At the risk of violating my New Years resolution to wean myself from constantly looking at polls (I've avoided going to firethirtyeight and realclearpolitics all month), I feel compelled to note some polling data on gun control in New Hampshire.
Channel 9 ran with it last night and I assume the print media has followed suit today, so the results are out there.
Ah yes, page 2 of today's Union Leader, a four column headline, "NEC poll: Majority in NH support assault weapons ban". The paper thought the story was so important that lead (?) reporter John Distaso was given the assignment. My only quibble would be that, from the numbers, the headline probably should have been "Huge Majority" but then, as I recall from my headline writing days, such things are often decided by the amount of space available to fit the words in, and Distaso does manage to work "large majority" into his lead sentence.
I only mention it here to point out that no matter how many emails elected officials receive on a given issue (HB 135, the so-called stand your ground repeal has generated more than a thousand and counting), the best indicator of public sentiment most likely remains polling data.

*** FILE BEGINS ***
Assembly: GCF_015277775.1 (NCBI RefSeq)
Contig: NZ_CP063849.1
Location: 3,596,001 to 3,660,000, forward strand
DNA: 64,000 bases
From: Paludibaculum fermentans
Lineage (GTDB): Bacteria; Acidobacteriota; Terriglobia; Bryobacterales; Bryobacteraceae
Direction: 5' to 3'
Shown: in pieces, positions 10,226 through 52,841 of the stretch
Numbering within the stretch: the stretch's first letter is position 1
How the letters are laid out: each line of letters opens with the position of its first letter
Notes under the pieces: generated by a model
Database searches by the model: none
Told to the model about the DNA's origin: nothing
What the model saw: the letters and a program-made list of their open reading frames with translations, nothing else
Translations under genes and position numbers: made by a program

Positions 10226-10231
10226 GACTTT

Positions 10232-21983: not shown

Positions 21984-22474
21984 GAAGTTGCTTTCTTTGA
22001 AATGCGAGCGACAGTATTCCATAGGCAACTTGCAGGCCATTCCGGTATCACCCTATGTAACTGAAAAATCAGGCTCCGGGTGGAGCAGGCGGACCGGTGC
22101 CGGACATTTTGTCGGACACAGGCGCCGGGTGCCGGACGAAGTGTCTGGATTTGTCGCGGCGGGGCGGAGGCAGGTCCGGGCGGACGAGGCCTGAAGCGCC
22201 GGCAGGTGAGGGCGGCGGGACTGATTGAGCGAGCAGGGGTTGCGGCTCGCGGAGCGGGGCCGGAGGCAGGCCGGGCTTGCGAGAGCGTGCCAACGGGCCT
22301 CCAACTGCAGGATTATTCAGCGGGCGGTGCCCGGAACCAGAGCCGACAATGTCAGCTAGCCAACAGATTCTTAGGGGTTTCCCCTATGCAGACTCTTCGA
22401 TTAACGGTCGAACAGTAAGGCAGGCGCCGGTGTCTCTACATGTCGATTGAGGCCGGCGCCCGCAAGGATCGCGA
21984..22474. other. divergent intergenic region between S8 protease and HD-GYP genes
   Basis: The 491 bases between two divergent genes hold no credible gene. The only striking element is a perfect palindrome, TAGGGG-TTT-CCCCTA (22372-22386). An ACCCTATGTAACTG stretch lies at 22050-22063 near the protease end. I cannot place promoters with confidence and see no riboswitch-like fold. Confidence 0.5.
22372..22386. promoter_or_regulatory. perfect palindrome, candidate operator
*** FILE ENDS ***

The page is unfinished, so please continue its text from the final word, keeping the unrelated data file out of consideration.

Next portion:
Any group can flood the email lines or a hall of people, but that's hardly a scientific survey. Thus, if you want to legislate by following public opinion (I've never been afflicted by that disease), looking at polls is probably better than looking at emails or the number of people who sign in for a given bill.
Note that this polling data from New England College is not about HB135 or stand your ground, but I assume that most people who showed up on that issue Tuesday would be in a severe minority in this polling data.
Here's how huge the numbers are. 72 percent of those polled (656 registered voters, a rather substantial sample) favored and only 24 percent opposed a so-called assault weapons ban. Another way of saying that would be, by nearly a three to one margin NH voters support the ban.
It's even greater for the idea of universal background checks. the margin is nearly nine to one (88 percent in favor; 10 percent opposed).
Men favored the assault weapons ban 64-34 while it's 80-16 percent for women, no real surprise there.
It would be most interesting to see polling data on HB135, not that any of us ever consider polls when voting. Do we?